Here we are at session number 70 , and we’re going to be talking about Investment Trusts. These very specific kinds of investment vehicles are neglected by many investors and advisers alike, for various reasons. But you should know about them, because they do have advantages – and risks – that other funds like Unit Trusts and OEICs do not.
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Like I said right at the top of the show, Investments Trusts are misunderstood by many investors and perhaps more worryingly, ignored by advisers. There’s no denying why this latter is the case. Money into Investment Trusts is in the form of shares, and there is no commission on shares!
Of course, now there is no commission on anything, so there really is no excuse for ITs not to be considered as part of a balanced portfolio.
So, the usual drill: first I’ll look at what you need to know about Investment Trusts, and then what you need to do to get to know them a little better and maybe dip your toe into the investing water.
Remember that the show notes are the one link you need to remember. There’s a transcript and all the links you need are there. Meanningfulmoney.tv/session70
Everything you need to KNOW
So, let's deal first with everything you need to know about Investment Trusts
1 – An investment trust is not a trust; it’s a company
This might seem disingenuous, but it’s true! An Investment Trust is a limited company, and you buy shares in it, just as you would for Vodafone, Marks and Sparks or whoever. That’s as opposed to an Open-Ended Investment Company (OEIC) which is not really a company in the true sense! So an investment trust is a company, and an OEIC company is not a company, Whoever said personal finance was confusing?!
Be that as it may, you buy shares, and not units, in an Investment Trust.
Like all companies, Investment Trusts are closed-ended, not open-ended like OEICs. In practice this means that there are a finite number of shares in existence. Once the Investment Trust raises the money it needs when it launches, it issues the fixed number of shares to its investors. Anyone new looking to invest in the Investment Trust can only do so if there is someone else looking to sell.
An OEIC or Unit Trust, by contrast, can create more units if more people are looking to invest, or can destroy units when people withdraw their money.
This means that the managers of an Investment Trust can take a longer term view because there is never any need to sell assets, just to cover withdrawals. This is an important benefit to my mind.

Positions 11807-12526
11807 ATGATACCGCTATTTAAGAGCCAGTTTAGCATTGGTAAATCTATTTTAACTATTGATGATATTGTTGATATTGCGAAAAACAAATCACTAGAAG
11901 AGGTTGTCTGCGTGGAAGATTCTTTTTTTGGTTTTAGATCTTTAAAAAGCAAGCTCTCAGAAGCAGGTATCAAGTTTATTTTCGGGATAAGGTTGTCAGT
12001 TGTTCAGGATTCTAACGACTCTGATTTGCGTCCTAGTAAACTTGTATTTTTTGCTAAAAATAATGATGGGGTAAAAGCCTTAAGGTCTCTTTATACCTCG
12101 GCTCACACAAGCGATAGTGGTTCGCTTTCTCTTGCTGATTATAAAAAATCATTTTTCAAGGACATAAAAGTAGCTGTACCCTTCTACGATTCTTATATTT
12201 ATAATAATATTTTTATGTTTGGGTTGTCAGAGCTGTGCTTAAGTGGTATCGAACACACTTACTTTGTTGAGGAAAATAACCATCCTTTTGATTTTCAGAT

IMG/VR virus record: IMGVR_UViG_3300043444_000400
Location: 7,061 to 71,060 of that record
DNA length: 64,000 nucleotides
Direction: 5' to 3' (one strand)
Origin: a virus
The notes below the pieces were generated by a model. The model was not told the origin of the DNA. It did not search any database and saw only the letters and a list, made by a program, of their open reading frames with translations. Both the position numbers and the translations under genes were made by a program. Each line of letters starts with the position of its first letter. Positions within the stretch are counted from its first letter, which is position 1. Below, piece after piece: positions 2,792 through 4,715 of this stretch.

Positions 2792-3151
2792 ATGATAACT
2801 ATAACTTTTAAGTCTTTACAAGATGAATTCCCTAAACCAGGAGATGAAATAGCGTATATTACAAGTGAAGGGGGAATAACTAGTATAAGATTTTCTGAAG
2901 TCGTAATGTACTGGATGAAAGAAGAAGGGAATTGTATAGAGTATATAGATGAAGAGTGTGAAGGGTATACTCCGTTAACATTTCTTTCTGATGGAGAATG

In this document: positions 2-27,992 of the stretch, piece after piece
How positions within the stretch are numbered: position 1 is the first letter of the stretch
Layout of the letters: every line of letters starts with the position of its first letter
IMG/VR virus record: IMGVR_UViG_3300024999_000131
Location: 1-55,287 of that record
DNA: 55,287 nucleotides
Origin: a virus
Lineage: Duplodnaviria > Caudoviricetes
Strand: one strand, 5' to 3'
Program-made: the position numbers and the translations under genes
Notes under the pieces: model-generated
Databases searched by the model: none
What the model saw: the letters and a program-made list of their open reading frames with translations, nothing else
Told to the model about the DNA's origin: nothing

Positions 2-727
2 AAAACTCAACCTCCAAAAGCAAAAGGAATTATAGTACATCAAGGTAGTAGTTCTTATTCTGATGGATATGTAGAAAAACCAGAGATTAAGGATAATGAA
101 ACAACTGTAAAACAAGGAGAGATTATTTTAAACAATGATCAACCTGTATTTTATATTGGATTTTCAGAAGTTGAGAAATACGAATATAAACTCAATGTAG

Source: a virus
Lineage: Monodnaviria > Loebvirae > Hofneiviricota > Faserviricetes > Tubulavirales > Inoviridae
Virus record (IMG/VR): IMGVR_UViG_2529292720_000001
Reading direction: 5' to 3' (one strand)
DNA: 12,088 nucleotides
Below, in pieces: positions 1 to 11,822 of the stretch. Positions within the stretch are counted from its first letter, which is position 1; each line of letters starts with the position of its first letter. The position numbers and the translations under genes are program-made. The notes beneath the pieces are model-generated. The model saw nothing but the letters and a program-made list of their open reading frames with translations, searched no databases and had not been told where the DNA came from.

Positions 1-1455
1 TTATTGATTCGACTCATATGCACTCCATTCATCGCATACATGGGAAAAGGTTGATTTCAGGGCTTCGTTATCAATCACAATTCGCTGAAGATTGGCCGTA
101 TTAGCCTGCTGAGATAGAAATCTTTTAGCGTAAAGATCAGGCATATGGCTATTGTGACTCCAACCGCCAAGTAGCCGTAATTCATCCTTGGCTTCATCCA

Like all shares, there are two ways to buy: either form the company itself when it is starting up, or from a broker or platform.
2 – Benefits of Investment Trusts
Like all collective investment vehicles, including OEICs and Unit Trusts, the key benefit of investing in an Investment Trust is the pooling of your money with other investors to provide economies and opportunities of scale. Having more money to play with means the fund managers can take advantages of better and more investing opportunities, at lower cost, than you could on your own.
Another benefit is the separation of the board of the investment trust and the manager. Managers move around all the time as they are poached by one company from another, or if they set up on their own, like the famous Neil Woodford has just done.
Remember again that an Investment Trust is a company, run by a board of directors. These directors can hire and fire a manager to run the portfolio. The manager is usually from another investment house, but is brought in to manage the Investment Trust’s money. It’s a consulting arrangement almost. This has the advantage that investment Trusts have very few employees. Instead, the fund manager and his or her company have the analysts and other staff costs to bear. The Investment Trust pays a fee to the manager and that’s it. The key benefit is that if employee costs are low, the fund management fees can also be kept low.
3 – Net Asset Value, Premium and Discount
The total value of all the assets held by an Investment Trust is called its Net Asset Value. If you sold everything owned by the trust and divided that figure by the total number of shares in existence, this is the price you would have.
But Investment Trust shares are traded on the stock market, which means the fickle influence of investor sentiment comes into play. So if investors think that the value of the Trust is going to rise, chances are the price of its shares will rise higher than the total value of its assets. This is called trading at a premium.
If on the other hand, investors are concerned about the future prospects of the trust, they may sell off their shares, causing the price to fall. If this drops below that of the Net Asset Value, the shares are said to be trading at a discount.
This must be factored into any decision to buy into an Investment Trust. Shares trading at a discount are cheap relative to the value of the assets within the trust, and so would seem to represent a bargain. But they are at a discount because investor sentiment is generally negative, so should you buy in?